Lambiel still man to beat

ROB BRODIE -- Ottawa Sun

, Last Updated: 7:37 AM ET

CALGARY -- The stabbing pain in his right knee was almost too much for Stephane Lambiel to bear.

But the champion's heart that beats inside the Swiss dynamo wouldn't allow him to surrender his world men's figure skating crown without a fight.

And so Lambiel showed up at the Pengrowth Saddledome yesterday for men's qualifying at the 2006 world championships, his considerable arsenal fully loaded to the hilt. Once his work was done for the day, this much was patently obvious: Lambiel's still the man -- and the man to beat.

Even Canadian Jeffrey Buttle, who wasn't in the house for Lambiel's powerful skate during the morning session, couldn't deny the obvious. It was all there on the scoresheet: A pair of quadruple jumps and five clean triples, all of it adding up to a whopping score of 160.90 that wasn't much off the 167.67 Russia's Evgeni Plushenko posted in winning the Turin Olympics.

"I saw (Lambiel's) score. I knew he skated really awesome," said Buttle, who can likely hope for no better than a chance to match the silver medal he landed at the Moscow worlds in 2005. "I can't compete with two quads. At least not yet."

Not bad for a guy who, just a week ago, wondered if he'd be fit enough to compete here. Lambiel is battling a stretched ligament on the outside of his right knee, but the Olympic silver medallist couldn't pass on the chance to skate before a Canadian audience for the first time.

"I'm injured and I'm still competing here," said the 21-year-old world champ. "It's very important for me to be here."

Any questions about the knee evaporated quickly.

"When I went out to skate, I didn't have any doubts," said Lambiel. "The legs are always a bit shaky when you get out there but, the second the music starts, you don't ask yourself any questions and you just go for it."

Buttle, meanwhile, has some work to do to land on the world podium for a second straight year. He popped his quad attempt and had falls on a triple Axel and triple Lutz during his Samson and Delilah free program.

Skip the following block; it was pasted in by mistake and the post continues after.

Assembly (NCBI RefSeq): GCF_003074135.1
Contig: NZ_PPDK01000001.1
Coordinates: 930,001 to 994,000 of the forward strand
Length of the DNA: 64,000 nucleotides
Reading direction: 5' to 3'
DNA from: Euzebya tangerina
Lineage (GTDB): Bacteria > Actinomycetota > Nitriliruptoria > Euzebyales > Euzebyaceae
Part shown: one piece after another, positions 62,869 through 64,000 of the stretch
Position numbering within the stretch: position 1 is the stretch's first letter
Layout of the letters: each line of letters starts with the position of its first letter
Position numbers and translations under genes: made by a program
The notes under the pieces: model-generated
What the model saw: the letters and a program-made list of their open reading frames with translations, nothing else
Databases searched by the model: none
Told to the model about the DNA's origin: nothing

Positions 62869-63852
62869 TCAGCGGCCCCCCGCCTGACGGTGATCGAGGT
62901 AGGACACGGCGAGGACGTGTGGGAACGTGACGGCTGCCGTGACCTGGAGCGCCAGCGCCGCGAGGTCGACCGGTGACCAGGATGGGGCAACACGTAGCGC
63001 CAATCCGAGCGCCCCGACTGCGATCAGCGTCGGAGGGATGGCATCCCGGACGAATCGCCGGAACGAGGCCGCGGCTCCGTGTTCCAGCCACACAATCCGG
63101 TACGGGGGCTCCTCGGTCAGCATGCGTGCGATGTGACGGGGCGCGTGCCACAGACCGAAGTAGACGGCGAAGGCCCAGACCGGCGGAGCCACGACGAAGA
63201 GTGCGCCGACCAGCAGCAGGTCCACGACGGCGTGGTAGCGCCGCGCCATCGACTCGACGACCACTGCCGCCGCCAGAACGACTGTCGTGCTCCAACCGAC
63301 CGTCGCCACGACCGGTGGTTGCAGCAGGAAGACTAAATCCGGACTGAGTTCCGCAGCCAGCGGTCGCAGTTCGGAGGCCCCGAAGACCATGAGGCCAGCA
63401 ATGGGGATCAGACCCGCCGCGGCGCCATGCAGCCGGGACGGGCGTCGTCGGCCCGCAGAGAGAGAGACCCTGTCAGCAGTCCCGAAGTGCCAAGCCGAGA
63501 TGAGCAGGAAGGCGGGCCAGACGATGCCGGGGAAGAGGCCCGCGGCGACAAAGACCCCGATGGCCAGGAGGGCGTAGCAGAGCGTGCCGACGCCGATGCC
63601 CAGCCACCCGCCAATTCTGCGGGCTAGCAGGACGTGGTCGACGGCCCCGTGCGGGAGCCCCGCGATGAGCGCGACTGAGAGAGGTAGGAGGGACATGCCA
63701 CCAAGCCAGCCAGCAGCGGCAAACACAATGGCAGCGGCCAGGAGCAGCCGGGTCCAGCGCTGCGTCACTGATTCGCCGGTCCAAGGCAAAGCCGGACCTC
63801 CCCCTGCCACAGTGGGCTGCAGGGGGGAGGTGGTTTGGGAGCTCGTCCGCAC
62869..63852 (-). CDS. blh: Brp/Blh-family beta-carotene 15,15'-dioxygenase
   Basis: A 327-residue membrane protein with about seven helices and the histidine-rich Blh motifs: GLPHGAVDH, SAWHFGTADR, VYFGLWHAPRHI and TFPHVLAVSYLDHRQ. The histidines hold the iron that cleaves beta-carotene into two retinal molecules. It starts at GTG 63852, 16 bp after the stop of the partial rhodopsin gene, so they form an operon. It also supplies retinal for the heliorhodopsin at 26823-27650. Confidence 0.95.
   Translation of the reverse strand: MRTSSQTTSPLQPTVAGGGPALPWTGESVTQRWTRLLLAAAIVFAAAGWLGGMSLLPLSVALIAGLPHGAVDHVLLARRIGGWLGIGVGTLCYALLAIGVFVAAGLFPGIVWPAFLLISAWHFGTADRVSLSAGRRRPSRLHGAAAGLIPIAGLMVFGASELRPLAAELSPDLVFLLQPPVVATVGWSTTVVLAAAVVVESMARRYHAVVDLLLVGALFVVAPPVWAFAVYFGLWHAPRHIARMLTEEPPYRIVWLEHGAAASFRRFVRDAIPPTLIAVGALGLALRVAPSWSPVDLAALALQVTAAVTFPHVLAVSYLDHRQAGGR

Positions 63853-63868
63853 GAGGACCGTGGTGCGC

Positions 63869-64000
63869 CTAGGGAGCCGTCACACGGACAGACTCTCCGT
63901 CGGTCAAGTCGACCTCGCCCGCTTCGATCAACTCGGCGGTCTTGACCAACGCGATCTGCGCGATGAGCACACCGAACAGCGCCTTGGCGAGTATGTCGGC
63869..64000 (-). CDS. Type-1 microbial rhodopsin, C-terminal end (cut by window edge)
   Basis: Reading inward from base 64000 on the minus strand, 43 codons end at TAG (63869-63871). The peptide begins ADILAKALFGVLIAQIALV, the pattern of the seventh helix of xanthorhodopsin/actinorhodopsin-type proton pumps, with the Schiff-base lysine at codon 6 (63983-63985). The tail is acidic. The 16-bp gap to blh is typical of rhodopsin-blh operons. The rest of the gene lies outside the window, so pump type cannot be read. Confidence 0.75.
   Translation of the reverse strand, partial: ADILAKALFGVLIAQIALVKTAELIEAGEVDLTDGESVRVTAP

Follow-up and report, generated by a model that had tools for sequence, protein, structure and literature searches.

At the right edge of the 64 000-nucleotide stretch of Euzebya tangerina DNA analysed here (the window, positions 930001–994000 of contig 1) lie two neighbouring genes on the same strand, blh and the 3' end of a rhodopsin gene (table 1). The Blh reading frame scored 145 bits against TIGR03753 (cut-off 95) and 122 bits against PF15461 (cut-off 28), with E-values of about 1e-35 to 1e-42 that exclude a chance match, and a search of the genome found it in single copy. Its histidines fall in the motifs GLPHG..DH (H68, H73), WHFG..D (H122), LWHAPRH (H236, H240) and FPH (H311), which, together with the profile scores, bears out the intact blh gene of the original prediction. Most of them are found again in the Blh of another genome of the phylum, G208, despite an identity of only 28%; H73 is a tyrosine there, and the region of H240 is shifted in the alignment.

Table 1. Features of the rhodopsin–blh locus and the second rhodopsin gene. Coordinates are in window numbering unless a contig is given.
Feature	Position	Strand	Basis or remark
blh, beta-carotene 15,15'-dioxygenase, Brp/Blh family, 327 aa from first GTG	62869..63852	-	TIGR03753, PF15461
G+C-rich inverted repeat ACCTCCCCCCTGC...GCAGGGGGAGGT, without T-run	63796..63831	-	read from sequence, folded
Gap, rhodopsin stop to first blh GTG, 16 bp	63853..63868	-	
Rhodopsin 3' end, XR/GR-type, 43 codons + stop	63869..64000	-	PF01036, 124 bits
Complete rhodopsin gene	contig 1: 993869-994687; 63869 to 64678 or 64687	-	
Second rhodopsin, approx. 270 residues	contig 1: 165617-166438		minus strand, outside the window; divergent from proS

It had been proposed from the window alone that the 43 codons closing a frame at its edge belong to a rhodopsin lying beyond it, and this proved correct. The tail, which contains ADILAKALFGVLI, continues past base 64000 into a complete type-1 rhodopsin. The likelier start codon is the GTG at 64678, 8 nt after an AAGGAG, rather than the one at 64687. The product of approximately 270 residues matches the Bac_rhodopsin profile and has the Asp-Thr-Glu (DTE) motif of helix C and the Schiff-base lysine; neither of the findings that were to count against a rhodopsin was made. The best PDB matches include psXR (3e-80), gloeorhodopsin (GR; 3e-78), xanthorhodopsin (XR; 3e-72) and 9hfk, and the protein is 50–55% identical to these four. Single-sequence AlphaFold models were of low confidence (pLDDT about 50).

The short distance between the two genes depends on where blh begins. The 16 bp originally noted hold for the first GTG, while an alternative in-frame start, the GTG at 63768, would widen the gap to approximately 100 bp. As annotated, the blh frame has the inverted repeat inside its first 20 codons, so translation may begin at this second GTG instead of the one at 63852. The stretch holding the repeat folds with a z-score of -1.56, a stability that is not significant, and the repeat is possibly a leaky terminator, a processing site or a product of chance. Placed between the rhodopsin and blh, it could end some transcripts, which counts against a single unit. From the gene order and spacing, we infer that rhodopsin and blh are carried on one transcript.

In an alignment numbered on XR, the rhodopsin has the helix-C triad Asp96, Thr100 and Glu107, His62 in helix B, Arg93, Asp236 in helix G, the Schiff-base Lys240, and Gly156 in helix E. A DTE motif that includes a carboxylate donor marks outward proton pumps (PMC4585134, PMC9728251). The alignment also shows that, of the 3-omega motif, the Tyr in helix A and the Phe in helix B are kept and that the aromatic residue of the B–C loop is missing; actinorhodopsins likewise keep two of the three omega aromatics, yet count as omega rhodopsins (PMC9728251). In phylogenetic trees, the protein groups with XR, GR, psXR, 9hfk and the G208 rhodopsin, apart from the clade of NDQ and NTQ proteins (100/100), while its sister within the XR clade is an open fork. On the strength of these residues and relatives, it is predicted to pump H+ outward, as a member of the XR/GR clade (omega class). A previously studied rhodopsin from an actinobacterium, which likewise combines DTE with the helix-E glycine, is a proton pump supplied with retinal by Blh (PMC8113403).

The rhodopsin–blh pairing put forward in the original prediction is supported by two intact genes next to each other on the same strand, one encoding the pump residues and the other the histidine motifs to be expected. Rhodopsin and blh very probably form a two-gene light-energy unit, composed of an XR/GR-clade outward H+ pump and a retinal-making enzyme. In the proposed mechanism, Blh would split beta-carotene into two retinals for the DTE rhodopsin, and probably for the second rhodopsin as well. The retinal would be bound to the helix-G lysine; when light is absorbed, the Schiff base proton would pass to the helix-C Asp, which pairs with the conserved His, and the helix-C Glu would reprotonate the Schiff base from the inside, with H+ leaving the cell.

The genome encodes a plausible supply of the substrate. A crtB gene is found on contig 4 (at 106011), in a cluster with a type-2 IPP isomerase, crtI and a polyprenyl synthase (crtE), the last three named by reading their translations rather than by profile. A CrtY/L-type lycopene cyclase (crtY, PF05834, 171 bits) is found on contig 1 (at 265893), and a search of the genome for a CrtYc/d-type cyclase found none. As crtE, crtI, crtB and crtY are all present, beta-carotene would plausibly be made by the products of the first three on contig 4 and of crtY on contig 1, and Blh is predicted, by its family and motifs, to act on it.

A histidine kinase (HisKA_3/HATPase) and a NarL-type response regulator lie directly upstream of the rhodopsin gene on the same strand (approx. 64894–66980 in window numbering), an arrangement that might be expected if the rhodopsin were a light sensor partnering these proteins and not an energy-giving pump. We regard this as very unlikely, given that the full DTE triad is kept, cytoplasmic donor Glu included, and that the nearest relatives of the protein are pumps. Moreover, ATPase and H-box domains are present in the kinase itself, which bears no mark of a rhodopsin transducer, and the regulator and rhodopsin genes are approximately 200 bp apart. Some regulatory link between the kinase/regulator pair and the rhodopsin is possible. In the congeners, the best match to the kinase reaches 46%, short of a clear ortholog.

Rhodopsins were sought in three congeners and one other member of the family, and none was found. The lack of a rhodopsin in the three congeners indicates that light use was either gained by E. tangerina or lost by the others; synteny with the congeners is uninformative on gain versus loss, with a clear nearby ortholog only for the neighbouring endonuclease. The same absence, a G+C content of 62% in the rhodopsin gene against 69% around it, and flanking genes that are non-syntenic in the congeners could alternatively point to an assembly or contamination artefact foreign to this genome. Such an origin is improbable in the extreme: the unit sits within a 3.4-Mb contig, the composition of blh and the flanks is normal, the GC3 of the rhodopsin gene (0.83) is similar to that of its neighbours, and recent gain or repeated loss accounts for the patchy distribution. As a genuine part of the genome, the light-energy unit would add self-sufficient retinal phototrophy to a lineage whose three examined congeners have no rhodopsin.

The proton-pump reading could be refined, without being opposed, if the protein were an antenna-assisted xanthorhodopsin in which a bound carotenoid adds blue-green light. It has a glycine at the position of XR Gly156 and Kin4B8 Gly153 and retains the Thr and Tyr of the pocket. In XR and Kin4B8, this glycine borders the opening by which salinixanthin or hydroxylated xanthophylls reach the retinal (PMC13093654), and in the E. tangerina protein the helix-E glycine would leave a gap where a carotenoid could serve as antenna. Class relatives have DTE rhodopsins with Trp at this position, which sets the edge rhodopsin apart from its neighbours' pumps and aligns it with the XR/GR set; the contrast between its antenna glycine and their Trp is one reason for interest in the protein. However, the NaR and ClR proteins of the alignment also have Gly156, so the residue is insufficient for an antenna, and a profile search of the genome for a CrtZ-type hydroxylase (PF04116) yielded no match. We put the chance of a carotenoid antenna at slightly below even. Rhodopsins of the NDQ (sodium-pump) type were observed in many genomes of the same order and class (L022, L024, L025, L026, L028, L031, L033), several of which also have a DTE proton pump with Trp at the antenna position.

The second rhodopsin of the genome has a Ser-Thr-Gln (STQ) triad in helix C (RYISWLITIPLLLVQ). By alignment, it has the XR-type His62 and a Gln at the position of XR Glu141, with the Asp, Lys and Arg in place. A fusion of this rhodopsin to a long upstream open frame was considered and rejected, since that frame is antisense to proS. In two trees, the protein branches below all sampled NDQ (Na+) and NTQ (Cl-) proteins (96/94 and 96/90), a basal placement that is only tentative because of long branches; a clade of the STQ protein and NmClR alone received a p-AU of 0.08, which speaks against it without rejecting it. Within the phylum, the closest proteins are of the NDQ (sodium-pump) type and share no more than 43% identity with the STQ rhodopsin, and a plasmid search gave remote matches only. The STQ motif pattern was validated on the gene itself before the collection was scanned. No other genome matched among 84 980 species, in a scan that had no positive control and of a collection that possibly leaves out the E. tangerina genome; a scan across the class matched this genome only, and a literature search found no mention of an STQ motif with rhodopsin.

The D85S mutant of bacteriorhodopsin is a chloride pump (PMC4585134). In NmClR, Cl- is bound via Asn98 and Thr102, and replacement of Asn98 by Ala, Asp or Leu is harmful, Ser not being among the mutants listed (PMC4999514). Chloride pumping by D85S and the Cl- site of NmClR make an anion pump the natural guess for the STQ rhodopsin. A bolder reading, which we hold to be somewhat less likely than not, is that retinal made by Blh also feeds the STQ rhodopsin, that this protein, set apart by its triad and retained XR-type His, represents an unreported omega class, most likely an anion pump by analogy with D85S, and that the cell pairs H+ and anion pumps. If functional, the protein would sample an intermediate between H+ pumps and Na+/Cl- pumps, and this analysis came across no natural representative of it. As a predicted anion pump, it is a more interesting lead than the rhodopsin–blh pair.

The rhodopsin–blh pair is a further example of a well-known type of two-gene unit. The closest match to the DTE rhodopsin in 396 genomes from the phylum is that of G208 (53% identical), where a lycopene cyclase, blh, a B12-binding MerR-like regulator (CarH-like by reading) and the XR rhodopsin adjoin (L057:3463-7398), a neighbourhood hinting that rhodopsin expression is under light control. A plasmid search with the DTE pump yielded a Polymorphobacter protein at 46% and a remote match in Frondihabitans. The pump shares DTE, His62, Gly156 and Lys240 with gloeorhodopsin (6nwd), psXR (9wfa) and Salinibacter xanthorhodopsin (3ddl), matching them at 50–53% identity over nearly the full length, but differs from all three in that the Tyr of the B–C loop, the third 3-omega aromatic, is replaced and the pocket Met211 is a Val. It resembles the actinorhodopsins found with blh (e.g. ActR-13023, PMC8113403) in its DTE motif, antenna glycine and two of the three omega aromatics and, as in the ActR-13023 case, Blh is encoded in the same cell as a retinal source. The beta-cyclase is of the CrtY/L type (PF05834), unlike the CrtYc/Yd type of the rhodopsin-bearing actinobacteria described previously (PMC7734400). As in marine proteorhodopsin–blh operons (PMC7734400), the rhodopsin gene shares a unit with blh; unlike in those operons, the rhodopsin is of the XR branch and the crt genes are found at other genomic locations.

With a 137.90-point total, Buttle finished second in the evening group behind Japan's Nobunari Oda (144.90), who landed eight triples. That puts Buttle fourth overall behind Lambiel, Oda and Evan Lysacek of the U.S. (139.79). Only 25% of the score carries forward to today's short program, but the gap is still wide between Lambiel and the rest.

At least Buttle's still in the medal picture. Not so for Emanuel Sandhu of Richmond Hill, who drew the dreaded No. 1 start position in the morning session and stumbled on the landing of his opening quad-triple combination. It only got worse from there: Two popped triple Axels, and just four clean triples in the bank.

Sandhu's 115.80 score was only sixth best in Group A and left him standing 15th overall. All of which had him facing questions about whether his career should extend beyond this competition.

"I don't know," Sandhu, 25, said curtly when asked point-blank about what comes next.

Even getting close to his career-best seventh-place finish in Moscow last year seems like nothing but a pipe dream now. If it isn't over for Sandhu yet, it's close. Closer than it's ever been.

The third Canadian here, Shawn Sawyer of Edmundston, N.B., had a rough skate of his own. Sawyer blew his first four jumps en route to finishing 10th in his group (111.20). The top 12 survived to skate another day.


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